YouTube stars warn of impersonation scam
High-profile Youtubers have been impersonated by scammers sending fake messages to subscribers crafted to look like they were sent by the video stars.
Facebook removed more than 3 billion fake accounts in the last 6 months, the company has revealed.
In its latest community standards enforcement report, the social network blamed "automated attacks by bad actors" for the increasing number of fake accounts.
But it said it spotted and deleted a majority of them within minutes, before they had any opportunity to "cause harm".
Facebook's vice president of integrity Guy Rosen said 1.2 billion accounts were disabled in the last four months of 2018, and a further 2.19 billion in the first four months of 2019 with an estimate that 5 per cent of monthly active accounts are fake.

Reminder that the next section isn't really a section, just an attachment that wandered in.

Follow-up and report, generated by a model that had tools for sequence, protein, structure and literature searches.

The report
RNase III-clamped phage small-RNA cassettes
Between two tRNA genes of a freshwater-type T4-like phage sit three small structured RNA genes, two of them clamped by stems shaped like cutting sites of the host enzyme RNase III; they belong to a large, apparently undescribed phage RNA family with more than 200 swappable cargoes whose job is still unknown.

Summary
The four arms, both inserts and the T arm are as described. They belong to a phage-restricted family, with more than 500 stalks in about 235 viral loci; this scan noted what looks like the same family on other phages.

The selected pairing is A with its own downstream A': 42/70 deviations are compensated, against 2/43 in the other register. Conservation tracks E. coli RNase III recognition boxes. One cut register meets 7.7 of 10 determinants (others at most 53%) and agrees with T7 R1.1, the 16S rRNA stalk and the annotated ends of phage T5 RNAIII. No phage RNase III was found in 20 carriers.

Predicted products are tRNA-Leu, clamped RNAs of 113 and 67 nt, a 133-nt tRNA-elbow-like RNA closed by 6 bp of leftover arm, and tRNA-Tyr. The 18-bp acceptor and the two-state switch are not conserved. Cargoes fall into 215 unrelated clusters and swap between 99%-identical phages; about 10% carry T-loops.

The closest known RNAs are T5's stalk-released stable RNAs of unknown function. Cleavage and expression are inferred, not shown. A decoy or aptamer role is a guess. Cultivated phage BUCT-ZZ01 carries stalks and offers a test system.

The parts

More than seven million "hate speech" posts were also removed, also a record high.
With around 2.4 billion monthly active users, this figure suggests around 119 million accounts at any one time are fake. A similar report from six months ago put the proportion at an estimated 3 to 4 per cent.
The steep increase in fake accounts comes as the technology giant struggles to prevent its numerous platforms, including Instagram and WhatsApp, from becoming safe havens for abusers.
Beyond its automated systems, Facebook has teams of thousands of people working to prevent its services from being used by malicious actors to spread misinformation and hateful content.
For the first time, the report reveals that between January and March 2019 more than one million appeals were made after posts were deleted for "hate speech".
About 150,000 posts that were found not to have broken the hate speech policy were restored during that period.
Facebook said the report highlighted "areas where we could be more open in order to build more accountability and responsiveness to the people who use our platform".